RESULTS: Fifty infertile women underwent laparoscopy during the study period, 32 (64%) had primary infertility while 18 (36%) secondary infertility. Eight (25.0%) patients with primary and 2 (11.1%) patients with secondary infertility had no visible abnormality. The common finding was tubal blockage in 7 (21.9%) and 6 (33.3%) cases of primary and secondary infertility respectively. Five (15.6%) cases of primary infertility were detected as polycystic ovaries (PCO) which was not found in cases of secondary infertility. Endometriosis was found in 4 (12.5%) cases with primary infertility and 2 (11.1%) cases with secondary infertility. Pelvic inflammatory disease (PID) was found in 1 (3.1%) and 2 (16.7%) cases of primary and secondary infertility respectively. Peritubal and periovarian adhesions were detected in 2 (6.3%) cases with primary infertility and 4 (22.2%) cases with secondary infertility. Fibriod was found in 2 (6.3%) and 1 (5.6%) cases of primary and secondary infertility respectively. Ovarian cyst detected in 2 (6.3%) cases with primary infertility while none was found in cases of secondary infertility.

CONCLUSION: Most common causes responsible for infertility were tubal occlusion, endometriosis, peritubal and periovarian adhesions. Ovarian causes were seen in primary infertility only.

N Engl J Med. 2010 Oct 14;363(16):1574-5.

The origin of ovarian cancer—is it getting clearer?

Birrer MJ.

Comment on:

N Engl J Med. 2010 Oct 14;363(16):1532-43.

ARID1A mutations in endometriosis-associated ovarian carcinomas.

Wiegand KC, Shah SP, Al-Agha OM, Zhao Y, Tse K, Zeng T, Senz J, McConechy MK, Anglesio MS, Kalloger SE, Yang W, Heravi-Moussavi A, Giuliany R, Chow C, Fee J, Zayed A, Prentice L, Melnyk N, Turashvili G, Delaney AD, Madore J, Yip S, McPherson AW, Ha G, Bell L, Fereday S, Tam A, Galletta L, Tonin PN, Provencher D, Miller D, Jones SJ, Moore RA, Morin GB, Oloumi A, Boyd N, Aparicio SA, Shih IeM, Mes-Masson AM, Bowtell DD, Hirst M, Gilks B, Marra MA, Huntsman DG.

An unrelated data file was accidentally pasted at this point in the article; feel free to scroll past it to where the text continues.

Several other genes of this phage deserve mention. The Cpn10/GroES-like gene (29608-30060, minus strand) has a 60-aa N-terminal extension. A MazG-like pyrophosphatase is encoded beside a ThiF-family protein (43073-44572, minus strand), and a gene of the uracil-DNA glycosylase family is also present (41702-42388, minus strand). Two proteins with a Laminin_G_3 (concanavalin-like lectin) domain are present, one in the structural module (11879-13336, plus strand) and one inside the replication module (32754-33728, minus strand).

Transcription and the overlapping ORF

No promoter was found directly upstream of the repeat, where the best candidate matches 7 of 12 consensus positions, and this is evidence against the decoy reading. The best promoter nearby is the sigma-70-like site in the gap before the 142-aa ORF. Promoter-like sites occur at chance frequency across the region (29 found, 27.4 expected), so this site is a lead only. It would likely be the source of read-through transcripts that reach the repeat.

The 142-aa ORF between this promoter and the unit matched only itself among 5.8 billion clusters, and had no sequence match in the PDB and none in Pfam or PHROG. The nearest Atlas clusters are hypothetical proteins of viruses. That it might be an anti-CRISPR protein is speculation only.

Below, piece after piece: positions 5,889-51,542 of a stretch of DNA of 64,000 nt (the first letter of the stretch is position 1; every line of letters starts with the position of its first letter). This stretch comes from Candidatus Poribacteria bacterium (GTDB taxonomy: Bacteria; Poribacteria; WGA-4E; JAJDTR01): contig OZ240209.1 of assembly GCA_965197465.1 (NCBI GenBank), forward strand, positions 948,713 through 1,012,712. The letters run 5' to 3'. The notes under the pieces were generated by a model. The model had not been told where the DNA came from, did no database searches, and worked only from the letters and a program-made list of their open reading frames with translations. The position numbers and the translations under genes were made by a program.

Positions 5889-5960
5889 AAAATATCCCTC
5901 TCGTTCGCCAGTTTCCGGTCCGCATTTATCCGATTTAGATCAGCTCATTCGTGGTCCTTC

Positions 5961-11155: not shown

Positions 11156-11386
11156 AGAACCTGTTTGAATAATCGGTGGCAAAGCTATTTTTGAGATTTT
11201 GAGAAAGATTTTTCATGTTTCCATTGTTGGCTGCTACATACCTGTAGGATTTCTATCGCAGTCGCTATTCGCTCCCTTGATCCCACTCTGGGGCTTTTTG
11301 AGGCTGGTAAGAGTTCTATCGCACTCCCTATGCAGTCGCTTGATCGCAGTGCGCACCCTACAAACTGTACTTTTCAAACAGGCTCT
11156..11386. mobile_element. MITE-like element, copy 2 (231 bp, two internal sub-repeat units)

British Columbia Cancer Agency, Vancouver, Canada.

Comment in:

BACKGROUND: Ovarian clear-cell and endometrioid carcinomas may arise from endometriosis, but the molecular events involved in this transformation have not been described.

METHODS: We sequenced the whole transcriptomes of 18 ovarian clear-cell carcinomas and 1 ovarian clear-cell carcinoma cell line and found somatic mutations in ARID1A (the AT-rich interactive domain 1A [SWI-like] gene) in 6 of the samples. ARID1A encodes BAF250a, a key component of the SWI–SNF chromatin remodeling complex. We sequenced ARID1A in an additional 210 ovarian carcinomas and a second ovarian clear-cell carcinoma cell line and measured BAF250a expression by means of immunohistochemical analysis in an additional 455 ovarian carcinomas.

RESULTS: ARID1A mutations were seen in 55 of 119 ovarian clear-cell carcinomas (46%), 10 of 33 endometrioid carcinomas (30%), and none of the 76 high-grade serous ovarian carcinomas. Seventeen carcinomas had two somatic mutations each. Loss of the BAF250a protein correlated strongly with the ovarian clear-cell carcinoma and endometrioid carcinoma subtypes and the presence of ARID1A mutations. In two patients, ARID1A mutations and loss of BAF250a expression were evident in the tumor and contiguous atypical endometriosis but not in distant endometriotic lesions.

CONCLUSIONS: These data implicate ARID1A as a tumor-suppressor gene frequently disrupted in ovarian clear-cell and endometrioid carcinomas. Since ARID1A mutation and loss of BAF250a can be seen in the preneoplastic lesions, we speculate that this is an early event in the transformation of endometriosis into cancer. (Funded by the British Columbia Cancer Foundation and the Vancouver General Hospital–University of British Columbia Hospital Foundation.).

Reprod Sci. 2010 Nov;17(11):1016-23.

Deregulation of LOXL1 and HTRA1 gene expression in endometriosis.